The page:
Crafting a career: Wisconsinites on Etsy

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In a neighborhood on Madison’s near west side, you can find Juliette Crane in her office. The temperature is balmy. Her workplace is usually quiet, though today there is a soft buzz coming from behind her. Crane has learned to ignore such distractions. She looks over the mound of work on her desk and reaches for her office supplies.

You won’t find any paper in this office. No ball-point pens. No computer. No printer. Not even a desk chair.

Instead, there is a block of drywall supported by two sawhorses: her desk. Acrylics and pastels, vintage wallpaper and black pens are arrayed neatly in ceramic mugs. On her desk are two 10-by-10 foot gallery wrap canvases, each covered with paint. Crane works barefoot, and there is no chair because she prefers to feel the grass under her feet. A light breeze lifts her knee-length skirt. (Even on casual Fridays, she wears a skirt.)

An Etsy artist's tools

Crane uses these pastels for her paintings on canvas. Photo by Lukas Keapproth

Crane is fortunate enough to work in her backyard — a dream office for anyone who has ever felt chained to a desk. She is, of course, the exception to the starving-artist rule, as is anyone who manages to eke out a living painting canvases, not pushing paper. But a growing number of artisans, particularly women, are earning at least part of their livelihoods as Crane does: selling crafts on, an online marketplace for handmade and vintage goods. The website provides many Wisconsin women with a means to earn money from their hobbies. It also serves a social role, connecting artists from all over the world in a broad virtual community via forums and blogs.

Made Easy with Etsy

Founded in 2005, Etsy has over 6.2 million registered users, with 400,000 total sellers. That’s small potatoes compared to eBay, the granddaddy of all e-commerce portals (eBay has hundreds of millions of registered users). But Etsy’s gross sales have grown exponentially in the last five years, and topped $180 million in 2009.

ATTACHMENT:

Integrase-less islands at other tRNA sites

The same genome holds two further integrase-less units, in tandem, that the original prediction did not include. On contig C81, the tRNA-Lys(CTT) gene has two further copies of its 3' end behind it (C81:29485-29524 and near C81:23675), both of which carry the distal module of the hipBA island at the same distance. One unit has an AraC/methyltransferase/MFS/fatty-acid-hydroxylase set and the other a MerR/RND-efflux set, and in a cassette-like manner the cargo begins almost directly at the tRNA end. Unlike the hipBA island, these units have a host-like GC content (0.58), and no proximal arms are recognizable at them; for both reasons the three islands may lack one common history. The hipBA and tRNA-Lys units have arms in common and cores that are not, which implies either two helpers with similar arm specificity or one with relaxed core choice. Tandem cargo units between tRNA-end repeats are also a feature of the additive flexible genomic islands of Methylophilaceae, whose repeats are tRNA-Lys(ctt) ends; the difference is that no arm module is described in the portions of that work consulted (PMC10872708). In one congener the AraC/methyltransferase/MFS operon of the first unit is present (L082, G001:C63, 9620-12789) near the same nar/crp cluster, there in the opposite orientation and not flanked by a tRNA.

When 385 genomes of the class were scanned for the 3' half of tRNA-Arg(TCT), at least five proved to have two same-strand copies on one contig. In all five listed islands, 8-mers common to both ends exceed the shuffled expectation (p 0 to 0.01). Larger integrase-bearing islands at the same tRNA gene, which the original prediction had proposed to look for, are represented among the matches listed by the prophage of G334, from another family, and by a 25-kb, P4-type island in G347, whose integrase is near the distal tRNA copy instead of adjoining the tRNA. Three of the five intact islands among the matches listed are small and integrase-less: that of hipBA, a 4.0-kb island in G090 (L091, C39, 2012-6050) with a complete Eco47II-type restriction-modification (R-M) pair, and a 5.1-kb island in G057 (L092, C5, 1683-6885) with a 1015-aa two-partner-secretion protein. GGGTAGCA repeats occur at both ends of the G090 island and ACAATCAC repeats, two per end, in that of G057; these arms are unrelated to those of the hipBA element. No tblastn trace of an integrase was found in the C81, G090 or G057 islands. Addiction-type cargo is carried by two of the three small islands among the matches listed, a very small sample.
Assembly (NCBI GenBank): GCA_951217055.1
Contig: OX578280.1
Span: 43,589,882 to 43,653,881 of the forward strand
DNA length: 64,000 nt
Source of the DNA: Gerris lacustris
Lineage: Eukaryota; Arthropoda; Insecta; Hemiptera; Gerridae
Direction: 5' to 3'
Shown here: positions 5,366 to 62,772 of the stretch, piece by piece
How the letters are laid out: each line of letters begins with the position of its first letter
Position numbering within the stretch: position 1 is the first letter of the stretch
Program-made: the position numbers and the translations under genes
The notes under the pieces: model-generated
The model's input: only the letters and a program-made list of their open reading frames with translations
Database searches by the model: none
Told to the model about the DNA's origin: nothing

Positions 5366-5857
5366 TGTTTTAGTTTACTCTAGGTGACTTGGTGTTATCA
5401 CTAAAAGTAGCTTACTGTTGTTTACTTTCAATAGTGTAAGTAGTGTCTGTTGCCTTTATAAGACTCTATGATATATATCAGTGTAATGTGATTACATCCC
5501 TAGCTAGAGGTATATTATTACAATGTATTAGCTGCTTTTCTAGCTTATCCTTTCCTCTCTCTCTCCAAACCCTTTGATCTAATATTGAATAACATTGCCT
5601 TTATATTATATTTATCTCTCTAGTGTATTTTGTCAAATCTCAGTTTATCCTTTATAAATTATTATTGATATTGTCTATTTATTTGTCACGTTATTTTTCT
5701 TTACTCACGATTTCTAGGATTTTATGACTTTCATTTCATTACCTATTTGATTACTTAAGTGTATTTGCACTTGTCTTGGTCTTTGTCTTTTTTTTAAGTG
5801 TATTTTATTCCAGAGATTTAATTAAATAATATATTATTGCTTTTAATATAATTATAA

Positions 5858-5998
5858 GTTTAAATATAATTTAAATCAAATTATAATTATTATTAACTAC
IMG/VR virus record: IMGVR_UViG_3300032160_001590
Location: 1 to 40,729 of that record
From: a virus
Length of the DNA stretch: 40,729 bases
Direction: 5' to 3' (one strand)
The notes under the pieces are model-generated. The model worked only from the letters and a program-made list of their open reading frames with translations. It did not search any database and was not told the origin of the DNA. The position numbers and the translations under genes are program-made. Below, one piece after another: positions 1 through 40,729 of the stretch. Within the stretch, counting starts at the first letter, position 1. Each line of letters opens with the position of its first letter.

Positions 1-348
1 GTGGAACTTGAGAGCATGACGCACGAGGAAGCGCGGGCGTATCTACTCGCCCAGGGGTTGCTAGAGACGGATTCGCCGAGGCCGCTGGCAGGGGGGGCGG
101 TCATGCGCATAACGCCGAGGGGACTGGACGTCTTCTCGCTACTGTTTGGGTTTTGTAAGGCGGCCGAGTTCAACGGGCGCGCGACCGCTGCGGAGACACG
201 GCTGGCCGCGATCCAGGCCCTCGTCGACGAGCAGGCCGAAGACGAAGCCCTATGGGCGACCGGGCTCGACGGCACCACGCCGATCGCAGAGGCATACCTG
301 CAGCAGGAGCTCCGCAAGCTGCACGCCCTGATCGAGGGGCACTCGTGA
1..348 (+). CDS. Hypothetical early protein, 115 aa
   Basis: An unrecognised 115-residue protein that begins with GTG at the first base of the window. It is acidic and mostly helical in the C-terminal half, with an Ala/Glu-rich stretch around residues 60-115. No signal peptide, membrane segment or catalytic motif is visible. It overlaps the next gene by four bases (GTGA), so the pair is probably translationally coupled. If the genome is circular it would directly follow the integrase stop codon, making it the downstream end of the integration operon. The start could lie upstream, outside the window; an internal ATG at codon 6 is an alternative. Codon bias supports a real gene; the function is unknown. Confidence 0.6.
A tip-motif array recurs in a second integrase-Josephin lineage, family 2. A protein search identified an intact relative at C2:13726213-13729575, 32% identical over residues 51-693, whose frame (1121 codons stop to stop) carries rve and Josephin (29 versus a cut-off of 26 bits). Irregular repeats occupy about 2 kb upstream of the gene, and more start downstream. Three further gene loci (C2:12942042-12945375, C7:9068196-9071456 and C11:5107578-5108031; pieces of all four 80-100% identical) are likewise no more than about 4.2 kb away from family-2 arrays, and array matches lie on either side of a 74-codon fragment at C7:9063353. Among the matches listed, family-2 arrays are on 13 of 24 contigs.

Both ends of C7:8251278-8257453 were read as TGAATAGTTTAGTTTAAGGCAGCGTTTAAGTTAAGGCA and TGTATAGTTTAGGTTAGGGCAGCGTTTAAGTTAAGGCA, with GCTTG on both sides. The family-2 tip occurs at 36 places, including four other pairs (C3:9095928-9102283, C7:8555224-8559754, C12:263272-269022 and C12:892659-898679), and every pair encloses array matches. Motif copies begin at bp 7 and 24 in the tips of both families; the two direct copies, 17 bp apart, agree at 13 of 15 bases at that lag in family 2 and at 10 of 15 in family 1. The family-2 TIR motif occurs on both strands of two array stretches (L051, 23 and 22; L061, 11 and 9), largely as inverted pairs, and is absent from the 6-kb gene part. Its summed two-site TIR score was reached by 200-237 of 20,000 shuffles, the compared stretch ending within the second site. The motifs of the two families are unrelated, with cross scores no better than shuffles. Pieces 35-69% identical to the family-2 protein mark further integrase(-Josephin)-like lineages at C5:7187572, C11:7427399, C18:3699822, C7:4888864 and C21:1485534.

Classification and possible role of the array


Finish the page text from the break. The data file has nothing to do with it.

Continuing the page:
Part of the website’s popularity hinges on its ease of use. Budding artists and vintage clothing aficionados might know how to create a product, but some have little experience building a website or marketing a brand. That’s why sites like Etsy can be helpful, says UW-Madison Business School Assistant Professor Phillip Kim.


“Having an active web presence is central to any new business being successful,” he says. “[Etsy] provides a platform for its users… [to set] up an online marketplace and [get] that visibility to their customers.”

“What’s cool about Etsy is that they make it very easy,” Barbara, who owns the Etsy shop Gracie and Me, says. “I don’t know anything about setting up a web store. On Etsy, it’s 20 cents for a listing. It’s very affordable.” (Barbara asked that her last name be withheld because she also sells jewelry in local stores, and doesn’t want her Etsy shop to compete with their business.)

The “already-there” platform for creating a shop on Etsy includes easy-to-use tools to upload photos and connect a Pay Pal account to a seller’s page. Users can bypass the business details to concentrate on their merchandise.

“By setting up with a company like Etsy,” Kim says, “You’re able to focus on what you do best as the artist or designer.”

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